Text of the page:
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Jeter praises Pettitte

Jeter praises Pettitte

NEW YORK -- As the follow-up to last week's Mitchell Report continues, Derek Jeter praised Andy Pettitte's recent admission of performance-enhancing drug use, while cautioning against hurrying to a decision on allegations toward Roger Clemens.

The Yankees captain addressed the topics on Thursday in New York, while attending a function for his Turn 2 Foundation at the Ziegfeld Theater. Jeter said he reached out to Pettitte recently to discuss the issues, and said the left-hander would not require special attention in Spring Training.

"Andy knows how I feel about him, and he knows how we feel about him as an organization," Jeter said. "It took a lot of courage for him to come out and be honest about it. Hopefully he can move on."

In a statement released through his agent last week, Pettitte admitted using human growth hormone on two occasions during the 2002 season, as alleged in testimony given by former Yankees strength coach Brian McNamee.

Through his agent and his attorney, Clemens has strongly denied McNamee's allegations that the seven-time Cy Young Award winner used both steroids and human growth hormones on various occasions beginning during the 1998 season.

"He's always been a great teammate," Jeter said of Clemens. "Now, it seems like people are rushing to judgment. I think you have to let it play out a little bit before you make the decision on whether he's guilty or not."

While the Yankees have been successful in retaining key components of the roster that won 94 games and recovered from their dismal start to make the 2007 postseason, Jeter also admitted that the coming Spring Training will promise a new challenge -- one of transition.

"One thing you understand, it is a business," Jeter said. "I realize that I was spoiled in the sense of having the same people around for a time. This is the time to change."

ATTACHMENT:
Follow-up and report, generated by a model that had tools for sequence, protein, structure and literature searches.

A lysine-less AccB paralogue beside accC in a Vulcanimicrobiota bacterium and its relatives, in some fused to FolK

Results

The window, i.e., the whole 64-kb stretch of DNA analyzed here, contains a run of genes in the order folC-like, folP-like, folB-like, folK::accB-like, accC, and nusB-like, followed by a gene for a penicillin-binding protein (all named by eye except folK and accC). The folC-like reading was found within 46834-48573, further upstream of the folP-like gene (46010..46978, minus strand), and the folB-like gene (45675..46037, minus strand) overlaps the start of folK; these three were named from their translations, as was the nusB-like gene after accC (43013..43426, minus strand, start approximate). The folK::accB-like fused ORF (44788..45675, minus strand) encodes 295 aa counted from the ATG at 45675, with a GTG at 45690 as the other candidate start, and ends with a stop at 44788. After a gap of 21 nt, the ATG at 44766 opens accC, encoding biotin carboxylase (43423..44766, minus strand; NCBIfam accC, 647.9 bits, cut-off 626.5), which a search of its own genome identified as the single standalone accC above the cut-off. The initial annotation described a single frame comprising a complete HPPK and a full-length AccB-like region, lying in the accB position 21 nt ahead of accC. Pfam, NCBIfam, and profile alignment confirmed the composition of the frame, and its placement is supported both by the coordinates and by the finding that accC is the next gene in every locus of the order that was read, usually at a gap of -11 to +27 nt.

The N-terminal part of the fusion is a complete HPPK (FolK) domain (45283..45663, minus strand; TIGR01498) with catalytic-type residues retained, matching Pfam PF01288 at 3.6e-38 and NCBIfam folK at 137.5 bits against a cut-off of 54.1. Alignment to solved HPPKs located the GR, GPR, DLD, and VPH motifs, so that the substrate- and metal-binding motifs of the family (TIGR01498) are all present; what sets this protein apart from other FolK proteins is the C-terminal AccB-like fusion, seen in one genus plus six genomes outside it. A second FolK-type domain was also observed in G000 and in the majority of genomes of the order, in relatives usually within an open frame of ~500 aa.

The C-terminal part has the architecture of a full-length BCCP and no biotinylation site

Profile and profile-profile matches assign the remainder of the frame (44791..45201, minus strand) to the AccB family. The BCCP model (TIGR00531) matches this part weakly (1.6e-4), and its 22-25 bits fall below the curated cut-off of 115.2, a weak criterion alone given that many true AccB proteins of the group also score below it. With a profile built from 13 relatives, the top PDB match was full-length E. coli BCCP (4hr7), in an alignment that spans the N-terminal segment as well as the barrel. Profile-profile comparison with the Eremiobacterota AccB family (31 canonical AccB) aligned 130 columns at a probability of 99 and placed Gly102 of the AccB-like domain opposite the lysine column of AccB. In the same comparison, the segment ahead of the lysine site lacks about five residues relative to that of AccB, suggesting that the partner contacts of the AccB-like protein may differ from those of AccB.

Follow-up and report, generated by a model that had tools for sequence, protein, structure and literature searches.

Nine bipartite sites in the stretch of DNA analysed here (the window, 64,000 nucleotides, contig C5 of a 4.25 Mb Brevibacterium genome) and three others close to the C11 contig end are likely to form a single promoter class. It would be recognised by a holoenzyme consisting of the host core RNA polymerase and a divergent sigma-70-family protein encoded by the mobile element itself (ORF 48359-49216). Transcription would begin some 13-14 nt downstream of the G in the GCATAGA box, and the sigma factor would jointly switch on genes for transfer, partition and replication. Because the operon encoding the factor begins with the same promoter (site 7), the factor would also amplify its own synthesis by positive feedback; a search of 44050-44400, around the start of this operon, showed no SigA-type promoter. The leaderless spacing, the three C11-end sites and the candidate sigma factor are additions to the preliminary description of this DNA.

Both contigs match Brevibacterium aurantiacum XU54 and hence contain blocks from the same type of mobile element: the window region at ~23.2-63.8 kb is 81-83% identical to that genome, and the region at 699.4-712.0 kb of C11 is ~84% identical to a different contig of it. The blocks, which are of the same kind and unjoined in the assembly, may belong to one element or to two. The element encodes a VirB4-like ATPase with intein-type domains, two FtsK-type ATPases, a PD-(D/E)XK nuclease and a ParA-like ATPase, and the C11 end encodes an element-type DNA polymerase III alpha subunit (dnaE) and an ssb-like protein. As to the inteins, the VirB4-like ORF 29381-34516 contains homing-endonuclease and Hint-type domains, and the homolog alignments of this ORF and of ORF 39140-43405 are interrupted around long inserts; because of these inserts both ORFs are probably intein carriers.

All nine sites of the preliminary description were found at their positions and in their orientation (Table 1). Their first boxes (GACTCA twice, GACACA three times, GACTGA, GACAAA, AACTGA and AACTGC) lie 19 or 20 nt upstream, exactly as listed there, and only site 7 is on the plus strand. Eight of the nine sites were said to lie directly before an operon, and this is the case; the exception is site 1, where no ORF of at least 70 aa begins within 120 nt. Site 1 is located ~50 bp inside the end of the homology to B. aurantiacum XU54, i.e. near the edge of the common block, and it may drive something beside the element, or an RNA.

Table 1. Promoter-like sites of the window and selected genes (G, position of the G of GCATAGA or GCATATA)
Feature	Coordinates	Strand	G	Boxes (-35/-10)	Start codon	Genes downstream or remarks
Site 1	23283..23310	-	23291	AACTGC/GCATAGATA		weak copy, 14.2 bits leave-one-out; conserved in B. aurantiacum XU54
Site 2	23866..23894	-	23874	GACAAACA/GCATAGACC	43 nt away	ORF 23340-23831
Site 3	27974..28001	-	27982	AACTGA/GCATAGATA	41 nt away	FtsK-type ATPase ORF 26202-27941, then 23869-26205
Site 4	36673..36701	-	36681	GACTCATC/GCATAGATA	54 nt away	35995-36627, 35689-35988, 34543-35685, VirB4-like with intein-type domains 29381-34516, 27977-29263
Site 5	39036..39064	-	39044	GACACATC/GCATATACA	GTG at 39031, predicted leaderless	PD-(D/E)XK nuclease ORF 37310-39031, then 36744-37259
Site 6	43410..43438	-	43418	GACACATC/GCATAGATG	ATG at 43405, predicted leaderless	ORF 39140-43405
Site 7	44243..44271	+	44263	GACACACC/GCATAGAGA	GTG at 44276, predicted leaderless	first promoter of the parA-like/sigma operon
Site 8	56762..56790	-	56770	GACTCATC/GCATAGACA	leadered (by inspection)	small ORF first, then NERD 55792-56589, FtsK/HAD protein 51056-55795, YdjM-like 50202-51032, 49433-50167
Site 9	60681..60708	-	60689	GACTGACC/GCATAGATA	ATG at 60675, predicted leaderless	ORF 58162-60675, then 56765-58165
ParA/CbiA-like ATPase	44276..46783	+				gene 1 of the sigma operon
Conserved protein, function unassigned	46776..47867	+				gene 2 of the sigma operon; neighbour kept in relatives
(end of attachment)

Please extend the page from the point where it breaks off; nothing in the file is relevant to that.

The roster may look similar, as the Yankees kept Alex Rodriguez, Jorge Posada, Mariano Rivera and Pettitte, but Jeter has come to terms with the idea of reporting to Tampa, Fla., knowing that a new manager, Joe Girardi, will be setting up shop.

For the first time since 1996, the paths of Jeter and Joe Torre -- now the Dodgers manager -- will not overlap.

"It's going to be weird," Jeter said. "He [Torre] was always a little Hollywood anyway, so he's going to fit right in out there.

"It's going to be a little awkward for me, especially because with the exception of Buck [Showalter] for a couple of weeks, he's the only manager I've ever known. He seems like he's happy and you wish him the best out there."

Aside from the switch of managers and several coaching alterations, the Yankees will largely be intact from the group that was bounced in the first round by the Cleveland Indians in the American League Division Series.

While sidestepping a question on the Yankees' potential pursuit of Minnesota Twins ace Johan Santana -- "Right now, we have a pretty good team," he said -- Jeter praised the decision-making efforts of both Hank and Hal Steinbrenner in their relatively brief tenure at the top of the organization.

The younger Steinbrenners' influence continues to grow as principal owner George Steinbrenner has decided to -- in his famous words -- "let the young elephants into the tent." But Jeter has seen little change in the mission statement.

"One thing with the Steinbrenner family, they want to win, year in and year out," Jeter said. "It looks like Hank and Hal picked up right where the Boss has been. Their No. 1 priority is to win a championship.

"One thing with our organization, there's always change. It seems like especially in years we haven't won, you've seen a lot of influx of players coming in and out. It's good for us to have the opportunity to have most of the guys back and have another shot at it."

Bryan Hoch is a reporter for MLB.com. This story was not subject to the approval of Major League Baseball or its clubs.

{"content":["drug_policy" ] }
{"content":["drug_policy" ] }